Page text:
Soil can be evaluated using different parameters. Section II will categorize the parameters used by different research papers for Salton Sea soil evaluation. These primary (Level-I) evaluation parameters or indices will be further classified into more complex secondary (Level-II) parameters which are direct indicators of the soil health of any region. This section will also list Salton Sea soil data, for some of the secondary parameters, collected by different researchers. Section III will provide a general survey of data or sample collection methods used for Salton Sea soil evaluation. Section IV will review and compare various sample analysis and detection methods employed by the researchers.  Note that Section II, III and IV are specific to Salton Sea soil evaluation and these sections are derived from the Salton Sea based research papers only. Section V will list some industrial equipment which could be used for semi-automatic soil evaluation. It will also provide a table of Artificial Intelligence (AI) and Machine Learning (ML) based algorithms and techniques which are currently used for evaluation of soil throughout the world. It is a general section and it is not limited to Salton Sea. Section V summarizes the findings of this survey and underlines the challenges in moving forward. This survey will end with concluding Section VII.


Soil evaluation is generally performed by identifying primary parameters and dividing these parameters into secondary parameters. Secondary parameters are directly measured by analysis of the soil sample using a chemical, optical or other type of method. Any primary parameter, however, is calculated indirectly by considering a combination of secondary parameters. Secondary parameters have specific ranges or tolerance limits criteria which are generally established by environmental agencies. For Example, the US EPA (Environmental Protection Agency) determines the heavy metal concentration limits in USA [7]. On the other hand, the primary parameters are just an aggregation of secondary parameters and there are no tolerable numerical limits for primary parameters. Majority of research papers on soil evaluation for Salton Sea use the parameters described in Table 1.

A. Soil Crust Evaluation
Soil crust consists of surface layers of the soil which are constantly evolving due to various environmental factors such as rain, storms etc. Soil crust can be divided into three categories [8]:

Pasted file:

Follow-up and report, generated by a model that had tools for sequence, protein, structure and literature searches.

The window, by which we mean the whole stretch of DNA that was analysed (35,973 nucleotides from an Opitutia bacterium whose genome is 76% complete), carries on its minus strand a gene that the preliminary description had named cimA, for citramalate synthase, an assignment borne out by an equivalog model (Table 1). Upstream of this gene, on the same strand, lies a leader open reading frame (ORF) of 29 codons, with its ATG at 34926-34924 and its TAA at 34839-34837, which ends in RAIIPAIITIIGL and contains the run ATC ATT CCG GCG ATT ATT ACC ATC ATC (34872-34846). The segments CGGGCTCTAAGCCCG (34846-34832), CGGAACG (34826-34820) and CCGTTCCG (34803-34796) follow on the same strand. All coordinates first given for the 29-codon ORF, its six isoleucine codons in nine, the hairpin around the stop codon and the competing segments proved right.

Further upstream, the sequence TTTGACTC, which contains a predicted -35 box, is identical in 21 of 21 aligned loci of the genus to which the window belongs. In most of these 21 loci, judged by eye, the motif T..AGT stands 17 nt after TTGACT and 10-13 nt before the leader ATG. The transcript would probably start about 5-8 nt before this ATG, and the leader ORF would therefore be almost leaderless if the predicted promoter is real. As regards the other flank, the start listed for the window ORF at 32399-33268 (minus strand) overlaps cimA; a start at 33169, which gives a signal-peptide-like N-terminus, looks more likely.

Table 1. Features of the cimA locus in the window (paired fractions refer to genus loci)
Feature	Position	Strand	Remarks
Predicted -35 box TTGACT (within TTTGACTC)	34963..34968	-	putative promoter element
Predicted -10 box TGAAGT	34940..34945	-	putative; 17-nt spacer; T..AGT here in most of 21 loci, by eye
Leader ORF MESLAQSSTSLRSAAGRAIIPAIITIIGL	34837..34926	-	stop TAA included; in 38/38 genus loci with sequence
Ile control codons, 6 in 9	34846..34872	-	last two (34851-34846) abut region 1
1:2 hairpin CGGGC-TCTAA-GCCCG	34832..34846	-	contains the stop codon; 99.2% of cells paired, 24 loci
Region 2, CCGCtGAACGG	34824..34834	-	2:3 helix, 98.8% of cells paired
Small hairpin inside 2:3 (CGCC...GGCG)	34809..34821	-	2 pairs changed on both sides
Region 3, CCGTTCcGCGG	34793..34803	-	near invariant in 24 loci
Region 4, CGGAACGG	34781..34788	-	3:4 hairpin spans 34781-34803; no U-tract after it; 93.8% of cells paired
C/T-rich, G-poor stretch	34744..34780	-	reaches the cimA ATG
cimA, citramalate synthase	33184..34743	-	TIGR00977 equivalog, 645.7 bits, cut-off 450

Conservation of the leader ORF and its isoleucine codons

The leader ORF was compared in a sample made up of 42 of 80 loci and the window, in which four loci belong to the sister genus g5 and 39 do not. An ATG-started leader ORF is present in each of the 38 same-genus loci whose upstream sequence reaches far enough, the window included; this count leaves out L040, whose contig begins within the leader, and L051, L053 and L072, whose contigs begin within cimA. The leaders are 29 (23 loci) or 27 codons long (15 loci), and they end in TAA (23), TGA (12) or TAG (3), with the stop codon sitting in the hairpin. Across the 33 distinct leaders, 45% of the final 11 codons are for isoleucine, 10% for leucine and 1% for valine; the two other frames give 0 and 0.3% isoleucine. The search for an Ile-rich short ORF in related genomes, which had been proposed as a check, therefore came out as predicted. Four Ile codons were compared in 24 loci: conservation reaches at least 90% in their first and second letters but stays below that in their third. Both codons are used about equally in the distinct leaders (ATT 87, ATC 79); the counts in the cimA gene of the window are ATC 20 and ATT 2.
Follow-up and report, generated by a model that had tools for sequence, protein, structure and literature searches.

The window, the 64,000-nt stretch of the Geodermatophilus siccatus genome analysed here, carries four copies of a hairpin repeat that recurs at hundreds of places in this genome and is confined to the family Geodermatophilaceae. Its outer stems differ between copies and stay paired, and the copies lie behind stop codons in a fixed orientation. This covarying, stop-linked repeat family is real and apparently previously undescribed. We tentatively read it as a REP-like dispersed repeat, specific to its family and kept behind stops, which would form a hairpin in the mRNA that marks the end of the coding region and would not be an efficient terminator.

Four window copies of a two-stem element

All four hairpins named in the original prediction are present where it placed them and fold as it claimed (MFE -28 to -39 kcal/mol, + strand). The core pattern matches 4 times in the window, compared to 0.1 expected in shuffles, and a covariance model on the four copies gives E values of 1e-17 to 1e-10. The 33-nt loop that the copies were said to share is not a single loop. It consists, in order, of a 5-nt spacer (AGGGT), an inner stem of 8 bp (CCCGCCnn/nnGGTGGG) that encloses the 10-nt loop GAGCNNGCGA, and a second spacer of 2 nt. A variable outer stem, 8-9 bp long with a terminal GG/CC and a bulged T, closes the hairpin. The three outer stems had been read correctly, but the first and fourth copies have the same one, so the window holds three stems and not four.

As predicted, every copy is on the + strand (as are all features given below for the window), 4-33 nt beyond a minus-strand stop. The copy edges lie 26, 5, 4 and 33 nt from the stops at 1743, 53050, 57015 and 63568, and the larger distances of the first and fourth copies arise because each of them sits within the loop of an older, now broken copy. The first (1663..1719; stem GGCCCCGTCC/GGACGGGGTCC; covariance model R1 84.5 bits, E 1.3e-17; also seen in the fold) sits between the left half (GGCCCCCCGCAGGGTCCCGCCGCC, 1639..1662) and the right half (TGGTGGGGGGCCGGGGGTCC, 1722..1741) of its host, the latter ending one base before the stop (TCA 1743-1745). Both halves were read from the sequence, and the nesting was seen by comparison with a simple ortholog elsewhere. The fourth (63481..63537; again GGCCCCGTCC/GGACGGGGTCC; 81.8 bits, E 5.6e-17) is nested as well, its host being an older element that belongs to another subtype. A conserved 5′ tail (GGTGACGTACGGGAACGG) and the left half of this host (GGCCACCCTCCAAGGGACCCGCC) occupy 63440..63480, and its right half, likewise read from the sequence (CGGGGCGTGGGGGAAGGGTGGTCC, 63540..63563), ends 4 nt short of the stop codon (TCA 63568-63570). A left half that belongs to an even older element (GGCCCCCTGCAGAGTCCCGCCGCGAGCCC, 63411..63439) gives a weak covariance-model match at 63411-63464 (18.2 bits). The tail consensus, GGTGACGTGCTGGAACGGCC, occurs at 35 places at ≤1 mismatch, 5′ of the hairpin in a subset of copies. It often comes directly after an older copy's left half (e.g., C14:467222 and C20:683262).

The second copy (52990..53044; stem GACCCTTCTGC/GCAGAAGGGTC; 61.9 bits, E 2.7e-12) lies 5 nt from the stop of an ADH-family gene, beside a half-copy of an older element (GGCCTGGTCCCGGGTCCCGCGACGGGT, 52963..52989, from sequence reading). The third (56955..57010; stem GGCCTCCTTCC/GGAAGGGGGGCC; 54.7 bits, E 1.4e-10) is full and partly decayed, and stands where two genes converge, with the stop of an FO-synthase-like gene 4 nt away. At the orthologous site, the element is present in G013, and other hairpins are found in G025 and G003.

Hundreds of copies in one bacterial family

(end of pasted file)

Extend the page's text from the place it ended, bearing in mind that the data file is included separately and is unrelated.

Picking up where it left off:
• Physical crust: - Sand, Silt, Clay
  • Biological crust: - Organic matter, micro-organisms etc.
  • Chemical crust: - Salt Minerology
For Salton Sea region, study of physical crust provides important information about agricultural suitability such as seed germination, soil moisture content, temperature etc. [9] (Table 2).
Biological crust is made up of organic matter and microorganisms which contributes to the productivity of soil. Chemical crust study provides a deeper understanding of soil erosion and therefore dust emission [5].

B. Nutrients and Minerals Evaluation
Soil consists of a variety of nutrients and minerals which contribute significantly to the health and wellbeing of the soil and environment. A balance of various nutrients like N, P, K are essential for soil fertility and plant growth. A couple of research activities have been performed at different times to access the nutrients and minerals in the soil of Salton Sea region. Table 3 lists some of the nutrients found in the Salton Sea soil [9-13].

C. Soil Biochemistry Evaluation
Soil Biochemistry is a measure of chemical properties of the soil. It could be roughly categorized as a study of chemical reactions and phenomenon in soil. However, a majority of soil biochemistry deals with organic matter content of the soil. Moreover, some studies classify organic matter content as a primary parameter. A limited dataset is available for Salton Sea soil biochemistry analysis (Table 4). Note that there are some other bio-chemistry related parameters, such as Cation Exchange Capacity (CEC), Sodium Absorption Ration (SAR) which are not listed in Table 4. However, the data related to these parameters is not available for Salton Sea.
Note that organic matter concentration and soil moisture changes from one location to another which indicates the differences in regions surrounding the Salton Sea. Also note the high salt content for Salto Sea region [13].

D. Evaluation for Pesticides
The parameters discussed above are responsible for soil health and productivity. Now, let us move towards parameters which contribute towards soil toxicity.
One of the most important criteria for soil toxicity evaluation is determining pesticides content in soil. Pesticides are found in almost every landmass adjoining a water body. This is mostly due to the irrigation inflow from nearby agricultural lands. Salton Sea has huge inflow from the irrigation channels of nearby imperial valley and therefore the soil in Salton Sea region contains a variety of pesticides. Pesticides are complex organic and inorganic molecules which have a long and at times complex movement and decomposition cycle. A large quantity of research material is available on Salton Sea soil evaluation for pesticides [10,15,16].
Pesticides can further be divided into various categories depending on the “pest” or “agent.” Some of the categories are:
  • Algicide
  • Biopesticides
  • Fungicides
  • Herbicides
  • Insecticides
  • Rodenticides